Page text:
"I was employed by another company at the time.  One of my co-workers from my former company came to see me in the hospital. But no one from the company I had been currently employed with came to see me. "

"Honestly, the best comments were the ones that made light of the situation - I had a friend who told me that I was going to grow a larger brain because my head didn't have to worry about growing hair!  I also had another coworker that I went to lunch with one day - we sat down and he said, "Ok, I know you are going through a lot. I know that, but let me tell you about my crap. He proceeded to tell me about his life and what was going on and didn't obsess about me and my illness. It made me feel like I wasn't on an island dealing with the hardest thing ever.  Everyone has stuff."

"For me, I really wanted people to remember that my journey was more than just my illness.  I was the same person and had a million other things going on with family, children, work, life - cancer was a part of it but it wasn't the ONLY thing.  It helped me to know that everyone remembered that I was still me and asked about other things and treated me the same way they used to."

"It takes a village. And we don't walk in other peoples shoes!"

The old adages hold true in cancer scenarios too.  There is a good chance that your friend, coworker, neighbor is getting lots of help during this journey.  Keep in mind that the spouse or other primary and secondary caregivers are working side-by-side with the patient. Aside from the emotional and mental exhaustion comes physical exhaustion by providing personal care to their loved ones all while maintaining their other responsibilities. A friend told me this story of what happened to her mom one day while my friend's father was undergoing cancer treatment:

"Imagine her shock the day that she rode the twenty something floors up to her office with a coworker, who began criticizing her for her coming in late to work several days a month (she was late due to providing the transportation to the hospital where my dad received his inpatient chemo treatments). Let me make it clear that my mom's work schedule in no way impacted this woman's job duties or responsibilities. However, the woman still felt that she had the right to upbraid a coworker about whose personal situation she knew nothing. So whether it is cancer, pregnancy, divorce, death of a loved one, or some other issue, I think it is critical to remember that we don't walk in other people's shoes."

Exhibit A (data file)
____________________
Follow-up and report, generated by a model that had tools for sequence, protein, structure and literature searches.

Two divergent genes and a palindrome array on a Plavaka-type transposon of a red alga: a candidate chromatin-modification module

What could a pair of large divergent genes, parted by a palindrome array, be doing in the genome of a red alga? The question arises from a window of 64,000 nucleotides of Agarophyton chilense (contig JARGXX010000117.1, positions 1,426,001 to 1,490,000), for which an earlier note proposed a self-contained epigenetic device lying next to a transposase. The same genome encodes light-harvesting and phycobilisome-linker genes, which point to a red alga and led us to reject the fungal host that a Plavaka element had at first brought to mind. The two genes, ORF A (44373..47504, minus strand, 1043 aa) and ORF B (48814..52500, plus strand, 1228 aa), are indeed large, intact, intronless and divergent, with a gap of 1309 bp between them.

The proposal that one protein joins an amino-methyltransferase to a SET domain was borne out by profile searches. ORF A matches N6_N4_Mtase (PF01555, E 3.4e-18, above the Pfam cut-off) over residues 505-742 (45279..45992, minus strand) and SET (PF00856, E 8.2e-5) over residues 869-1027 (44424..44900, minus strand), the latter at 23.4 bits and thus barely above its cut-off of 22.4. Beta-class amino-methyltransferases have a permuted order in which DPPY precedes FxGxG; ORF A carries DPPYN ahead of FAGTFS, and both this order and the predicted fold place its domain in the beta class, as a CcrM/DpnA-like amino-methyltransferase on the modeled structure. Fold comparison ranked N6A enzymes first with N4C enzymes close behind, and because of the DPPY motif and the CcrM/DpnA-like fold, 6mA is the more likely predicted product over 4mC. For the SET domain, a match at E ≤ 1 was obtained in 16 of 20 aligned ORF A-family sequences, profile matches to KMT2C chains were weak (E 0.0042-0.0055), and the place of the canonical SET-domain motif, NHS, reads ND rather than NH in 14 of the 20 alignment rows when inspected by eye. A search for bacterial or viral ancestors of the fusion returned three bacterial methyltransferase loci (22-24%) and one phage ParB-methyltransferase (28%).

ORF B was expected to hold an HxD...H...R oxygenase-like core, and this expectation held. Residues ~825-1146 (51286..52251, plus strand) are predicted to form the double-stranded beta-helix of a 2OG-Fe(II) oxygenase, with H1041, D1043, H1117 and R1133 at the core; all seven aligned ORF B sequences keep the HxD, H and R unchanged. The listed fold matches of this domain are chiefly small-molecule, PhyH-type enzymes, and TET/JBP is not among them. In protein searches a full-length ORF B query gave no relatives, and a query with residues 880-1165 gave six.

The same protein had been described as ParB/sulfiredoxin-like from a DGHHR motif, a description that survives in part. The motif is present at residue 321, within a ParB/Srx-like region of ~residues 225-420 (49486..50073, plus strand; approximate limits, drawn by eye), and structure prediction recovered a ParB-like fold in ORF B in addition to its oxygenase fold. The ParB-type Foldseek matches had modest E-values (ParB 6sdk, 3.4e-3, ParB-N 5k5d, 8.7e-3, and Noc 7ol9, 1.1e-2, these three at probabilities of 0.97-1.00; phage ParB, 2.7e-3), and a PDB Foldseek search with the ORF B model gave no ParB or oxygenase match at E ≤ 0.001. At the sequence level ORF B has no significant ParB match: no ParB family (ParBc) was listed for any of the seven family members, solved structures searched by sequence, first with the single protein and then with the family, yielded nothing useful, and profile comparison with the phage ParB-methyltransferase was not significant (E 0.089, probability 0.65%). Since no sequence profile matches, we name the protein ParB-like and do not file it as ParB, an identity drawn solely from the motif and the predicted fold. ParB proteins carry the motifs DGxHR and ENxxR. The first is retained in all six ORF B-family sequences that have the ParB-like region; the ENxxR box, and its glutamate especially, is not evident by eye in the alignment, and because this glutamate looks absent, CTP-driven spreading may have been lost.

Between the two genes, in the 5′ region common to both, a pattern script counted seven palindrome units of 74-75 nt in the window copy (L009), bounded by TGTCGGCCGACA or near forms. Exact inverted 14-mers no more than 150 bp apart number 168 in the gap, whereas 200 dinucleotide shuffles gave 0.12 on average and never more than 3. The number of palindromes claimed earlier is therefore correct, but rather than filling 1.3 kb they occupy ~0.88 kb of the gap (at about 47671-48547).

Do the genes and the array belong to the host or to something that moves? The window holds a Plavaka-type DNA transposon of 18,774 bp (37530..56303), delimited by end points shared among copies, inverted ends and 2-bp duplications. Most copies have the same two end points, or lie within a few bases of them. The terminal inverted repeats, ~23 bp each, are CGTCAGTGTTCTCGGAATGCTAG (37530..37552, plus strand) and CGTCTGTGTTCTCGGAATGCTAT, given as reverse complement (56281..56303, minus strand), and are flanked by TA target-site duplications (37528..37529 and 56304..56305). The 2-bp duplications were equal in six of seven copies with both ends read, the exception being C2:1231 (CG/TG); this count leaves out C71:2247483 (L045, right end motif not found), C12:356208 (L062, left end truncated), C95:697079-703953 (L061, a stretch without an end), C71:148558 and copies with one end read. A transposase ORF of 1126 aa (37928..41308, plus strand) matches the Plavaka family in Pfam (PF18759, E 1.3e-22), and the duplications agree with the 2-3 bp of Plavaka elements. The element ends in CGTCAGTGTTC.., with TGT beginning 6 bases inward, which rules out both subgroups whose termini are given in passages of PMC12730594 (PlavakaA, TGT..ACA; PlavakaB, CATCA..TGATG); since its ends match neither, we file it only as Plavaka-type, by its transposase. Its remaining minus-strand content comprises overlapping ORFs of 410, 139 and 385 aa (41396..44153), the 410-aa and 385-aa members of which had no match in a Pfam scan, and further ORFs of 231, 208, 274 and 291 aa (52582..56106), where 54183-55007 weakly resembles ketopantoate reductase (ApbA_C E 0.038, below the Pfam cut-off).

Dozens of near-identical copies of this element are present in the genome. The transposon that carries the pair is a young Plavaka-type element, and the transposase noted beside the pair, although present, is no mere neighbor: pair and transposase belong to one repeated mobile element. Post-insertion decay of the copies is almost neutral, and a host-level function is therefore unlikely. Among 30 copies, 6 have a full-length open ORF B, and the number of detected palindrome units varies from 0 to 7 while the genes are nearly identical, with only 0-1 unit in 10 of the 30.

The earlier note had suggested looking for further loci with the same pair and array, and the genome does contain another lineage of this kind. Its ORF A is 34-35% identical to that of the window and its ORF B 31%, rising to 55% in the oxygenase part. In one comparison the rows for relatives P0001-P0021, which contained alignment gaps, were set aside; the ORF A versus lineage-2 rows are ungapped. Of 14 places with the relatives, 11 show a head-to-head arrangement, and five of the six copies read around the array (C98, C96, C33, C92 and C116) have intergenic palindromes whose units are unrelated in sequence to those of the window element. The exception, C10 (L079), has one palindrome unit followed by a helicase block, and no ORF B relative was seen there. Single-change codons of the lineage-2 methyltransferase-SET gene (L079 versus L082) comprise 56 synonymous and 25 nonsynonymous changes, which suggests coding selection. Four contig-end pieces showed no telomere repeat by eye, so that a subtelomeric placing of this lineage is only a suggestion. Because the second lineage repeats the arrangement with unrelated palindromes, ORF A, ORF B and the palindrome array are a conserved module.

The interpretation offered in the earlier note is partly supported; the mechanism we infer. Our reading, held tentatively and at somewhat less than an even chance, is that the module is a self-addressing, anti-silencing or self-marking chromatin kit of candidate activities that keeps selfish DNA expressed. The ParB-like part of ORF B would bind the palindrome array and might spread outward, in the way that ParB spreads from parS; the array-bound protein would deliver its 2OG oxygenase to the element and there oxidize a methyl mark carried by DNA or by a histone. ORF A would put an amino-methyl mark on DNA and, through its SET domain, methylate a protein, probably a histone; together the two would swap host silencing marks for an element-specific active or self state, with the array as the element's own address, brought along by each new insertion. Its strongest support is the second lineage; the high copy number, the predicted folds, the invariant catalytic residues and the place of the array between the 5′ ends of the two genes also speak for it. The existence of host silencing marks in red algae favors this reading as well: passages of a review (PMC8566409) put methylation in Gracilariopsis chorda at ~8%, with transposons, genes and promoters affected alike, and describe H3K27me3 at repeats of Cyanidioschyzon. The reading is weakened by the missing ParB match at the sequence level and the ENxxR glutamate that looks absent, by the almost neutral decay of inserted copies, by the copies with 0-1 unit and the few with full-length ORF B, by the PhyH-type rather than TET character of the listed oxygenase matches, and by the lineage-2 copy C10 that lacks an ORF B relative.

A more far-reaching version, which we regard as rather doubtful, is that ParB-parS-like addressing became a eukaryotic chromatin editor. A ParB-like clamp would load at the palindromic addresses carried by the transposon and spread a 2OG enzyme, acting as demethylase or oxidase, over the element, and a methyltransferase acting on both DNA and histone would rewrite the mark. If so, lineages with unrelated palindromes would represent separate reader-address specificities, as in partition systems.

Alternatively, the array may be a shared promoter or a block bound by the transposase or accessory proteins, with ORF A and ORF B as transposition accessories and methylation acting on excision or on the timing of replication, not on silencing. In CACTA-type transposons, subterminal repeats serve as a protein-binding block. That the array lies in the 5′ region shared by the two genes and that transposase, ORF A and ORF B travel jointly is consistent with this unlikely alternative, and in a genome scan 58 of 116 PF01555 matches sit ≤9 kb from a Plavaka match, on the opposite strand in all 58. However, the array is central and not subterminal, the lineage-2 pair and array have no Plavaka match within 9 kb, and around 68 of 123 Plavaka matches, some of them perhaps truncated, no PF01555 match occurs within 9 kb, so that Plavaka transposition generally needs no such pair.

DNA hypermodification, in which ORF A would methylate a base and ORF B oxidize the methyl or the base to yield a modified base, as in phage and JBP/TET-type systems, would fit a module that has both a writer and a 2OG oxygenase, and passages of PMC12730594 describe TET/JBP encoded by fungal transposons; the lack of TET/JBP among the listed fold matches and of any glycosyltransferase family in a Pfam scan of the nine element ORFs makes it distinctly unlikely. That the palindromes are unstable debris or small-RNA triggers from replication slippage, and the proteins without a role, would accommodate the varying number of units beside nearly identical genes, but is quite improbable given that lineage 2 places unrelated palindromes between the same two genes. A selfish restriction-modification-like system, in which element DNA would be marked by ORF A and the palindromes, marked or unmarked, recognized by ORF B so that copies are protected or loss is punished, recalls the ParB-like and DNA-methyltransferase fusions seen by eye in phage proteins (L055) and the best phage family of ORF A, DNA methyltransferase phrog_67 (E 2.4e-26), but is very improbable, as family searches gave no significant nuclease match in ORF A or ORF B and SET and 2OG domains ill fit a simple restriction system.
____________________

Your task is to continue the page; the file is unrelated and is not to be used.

"Been there, done that, got the orange ball"- NOT!

Anybody else remember the good old days of Putt Putt Golf where the highly coveted orange golf ball was awarded if you got a hole in one? Many have come to use the "been there, done that" phrase with this in mind, or perhaps a variation "got the t-shirt" or something of that sort.

I mistakenly thought that's what it was like to be a cancer survivor - been there, done that, beat cancer. WRONG. It was only after a dear friend had a 2nd scare that it clicked for me that cancer patients are cancer patients for life. So while my friend had been cancer free for 5 years, she had another bend in the road during her journey, as many do.

What happens after treatment is important too. Typically cancer patients continue to have a regular testing, new lifestyles including dietary changes (many opt for vegetarian and organic), and even if their initial treatment has concluded they are facing lifestyle changes.

If you or a co-worker knows what it's like to maintain a career and work relationship while going through treatment for a serious illness, share your story. The more coping strategies we can all learn, the better we can support our colleagues on their journey.